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November 1, 2020 35 min

Dede Orraca-Cecil is a member of Egon Zehnder, an international executive search and leadership advisory firm, where she leads efforts in almost every aspect of what a company or organization needs in leadership and governance. She talks about identifying company leadership and board building – what it takes and how the conversation has changed.


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“How have recent events, including the death of George Floyd and everything that's followed, impacted how diversity and inclusion is viewed on for-profit boards?”


I would say it has had a material impact. I think going into this we have had this conversation about diversity on boards over the last few years – it is not a new one.  We've seen slow progress with an initial focus on gender.  But what we're seeing now is a shift where there is more comfort or directness in engaging on discussions around racial and ethnic diversity and it's not just the boardroom.


I think what we've seen since May is really a more openness and in fact, more of an expectation coming from the client around running inclusive processes. People feel more comfortable or more empowered to say: “we need to do something about the representation on our board and in our organizations and we need your help and support in doing that.”


So, the client is driving a lot of these discussions asking: “How do we focus on this? What can we do differently?  How do we think about our pipeline for our board? How do we think about board readiness?  These are conversations that maybe before we might've been introducing or leading with and now we have a lot of clients who are beating us to the punch and asking that before we even get to it.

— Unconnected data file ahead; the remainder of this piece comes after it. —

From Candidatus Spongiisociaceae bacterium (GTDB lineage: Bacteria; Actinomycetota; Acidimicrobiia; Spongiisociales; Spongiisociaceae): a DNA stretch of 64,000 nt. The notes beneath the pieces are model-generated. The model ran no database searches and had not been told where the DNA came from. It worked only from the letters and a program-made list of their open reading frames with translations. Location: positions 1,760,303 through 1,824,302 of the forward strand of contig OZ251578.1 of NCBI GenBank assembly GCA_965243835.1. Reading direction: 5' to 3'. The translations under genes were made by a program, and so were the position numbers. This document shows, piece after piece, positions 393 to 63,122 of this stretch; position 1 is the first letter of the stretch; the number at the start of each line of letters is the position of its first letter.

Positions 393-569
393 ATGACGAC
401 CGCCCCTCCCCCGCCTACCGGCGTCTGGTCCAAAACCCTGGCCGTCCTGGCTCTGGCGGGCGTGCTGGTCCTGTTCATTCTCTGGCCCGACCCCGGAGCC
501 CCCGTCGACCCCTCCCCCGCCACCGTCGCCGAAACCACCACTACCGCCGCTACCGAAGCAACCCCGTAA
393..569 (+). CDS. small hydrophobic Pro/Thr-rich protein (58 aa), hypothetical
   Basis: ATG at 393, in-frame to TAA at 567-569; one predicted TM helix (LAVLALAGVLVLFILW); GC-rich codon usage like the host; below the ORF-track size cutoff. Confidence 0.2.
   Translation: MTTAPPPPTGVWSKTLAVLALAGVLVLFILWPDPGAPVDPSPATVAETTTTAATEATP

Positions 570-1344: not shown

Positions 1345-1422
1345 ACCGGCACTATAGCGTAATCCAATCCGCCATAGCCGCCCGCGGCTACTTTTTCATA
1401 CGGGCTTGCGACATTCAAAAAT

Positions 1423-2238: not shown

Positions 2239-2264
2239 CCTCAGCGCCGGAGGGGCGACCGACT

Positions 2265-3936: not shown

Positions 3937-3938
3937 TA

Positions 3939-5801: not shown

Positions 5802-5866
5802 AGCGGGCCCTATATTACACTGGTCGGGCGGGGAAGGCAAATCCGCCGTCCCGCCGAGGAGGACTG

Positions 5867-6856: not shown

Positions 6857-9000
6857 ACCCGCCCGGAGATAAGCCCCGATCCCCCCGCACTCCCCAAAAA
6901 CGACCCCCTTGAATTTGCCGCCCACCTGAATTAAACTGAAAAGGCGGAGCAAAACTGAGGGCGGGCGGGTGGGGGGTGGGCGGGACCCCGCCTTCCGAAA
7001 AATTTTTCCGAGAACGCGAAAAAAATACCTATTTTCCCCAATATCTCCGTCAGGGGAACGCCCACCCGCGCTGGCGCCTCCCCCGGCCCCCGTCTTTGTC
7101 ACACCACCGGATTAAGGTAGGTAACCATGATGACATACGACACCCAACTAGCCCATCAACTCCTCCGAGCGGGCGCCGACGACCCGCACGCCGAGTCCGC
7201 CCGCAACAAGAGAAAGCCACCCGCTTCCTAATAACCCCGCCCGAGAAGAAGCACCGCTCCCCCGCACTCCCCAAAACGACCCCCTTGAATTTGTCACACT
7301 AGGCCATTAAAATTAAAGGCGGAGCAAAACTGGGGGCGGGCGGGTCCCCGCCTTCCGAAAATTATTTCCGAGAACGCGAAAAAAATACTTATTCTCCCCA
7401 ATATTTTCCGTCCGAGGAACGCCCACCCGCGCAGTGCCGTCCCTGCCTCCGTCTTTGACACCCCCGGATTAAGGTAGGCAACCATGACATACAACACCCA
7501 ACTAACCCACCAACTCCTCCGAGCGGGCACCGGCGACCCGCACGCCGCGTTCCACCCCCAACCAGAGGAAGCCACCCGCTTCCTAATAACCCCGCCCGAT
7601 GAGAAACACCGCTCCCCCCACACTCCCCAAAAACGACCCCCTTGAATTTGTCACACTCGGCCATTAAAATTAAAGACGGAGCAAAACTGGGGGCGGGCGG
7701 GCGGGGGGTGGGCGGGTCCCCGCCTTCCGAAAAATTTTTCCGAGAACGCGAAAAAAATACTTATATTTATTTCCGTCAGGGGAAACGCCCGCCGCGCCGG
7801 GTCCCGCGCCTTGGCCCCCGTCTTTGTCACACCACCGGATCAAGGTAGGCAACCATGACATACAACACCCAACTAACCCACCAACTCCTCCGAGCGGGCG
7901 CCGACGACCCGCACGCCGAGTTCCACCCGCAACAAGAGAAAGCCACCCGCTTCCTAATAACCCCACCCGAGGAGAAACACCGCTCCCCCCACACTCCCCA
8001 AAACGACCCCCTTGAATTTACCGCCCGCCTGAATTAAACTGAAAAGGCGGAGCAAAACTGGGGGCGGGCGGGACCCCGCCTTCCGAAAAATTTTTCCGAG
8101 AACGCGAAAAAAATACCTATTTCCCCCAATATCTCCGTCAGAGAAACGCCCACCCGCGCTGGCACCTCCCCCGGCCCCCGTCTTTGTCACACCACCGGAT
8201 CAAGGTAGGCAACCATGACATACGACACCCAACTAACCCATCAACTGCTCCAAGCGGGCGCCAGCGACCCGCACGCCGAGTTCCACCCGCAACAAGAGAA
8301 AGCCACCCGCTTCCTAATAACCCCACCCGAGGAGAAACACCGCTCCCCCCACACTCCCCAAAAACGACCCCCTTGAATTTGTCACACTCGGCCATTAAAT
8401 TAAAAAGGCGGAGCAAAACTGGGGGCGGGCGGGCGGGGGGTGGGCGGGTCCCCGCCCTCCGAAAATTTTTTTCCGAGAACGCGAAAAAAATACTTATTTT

Big Ideas/Thoughts

Building a High-Performing Board

You’re looking for a more colorful tapestry of experiences on a board. You want to understand not just a person's capacity, but you really understand what is it that this board is trying to solve for and what are the certain skills that will help accomplish those goals.


We're in a time where, when we say "culture fit" that can sometimes set people off on a path where you're worried about creating a homogenous environment, so I want to just clarify.  We're not trying to create a board where “culture” means we all act the same, we all speak the same.  In fact, what we're looking for is actually different, the underlying kind of rules engagement.  How do we communicate? How do we show up? How do we create a space where you get that right level of critical thinking, creative abrasion, if you will?  You want a space where people can bring themselves fully to the board, in a way that also doesn't create sharp elbows or knock others out from being able to contribute their voice.

Board searches and board work operate on a different cycle. In the best-case scenarios, you start looking for your directors with enough time and window to bring somebody on board. Not only just to find the right director candidates, but to actually spend enough time with the board itself, to get a feel for how they engage and interact.


Off-boarding board members

Nobody wants to be the bad cop. Nobody wants to off-board, especially in a scenario where they are preexisting relationships, where you've gotten to know person over time and then I think that's fine. A little tongue in cheek, but that's probably why we have a some of the work that we have. It's much easier to hire an outsider to come in and help facilitate that process than to be the ones that tell your fellow director and off board someone.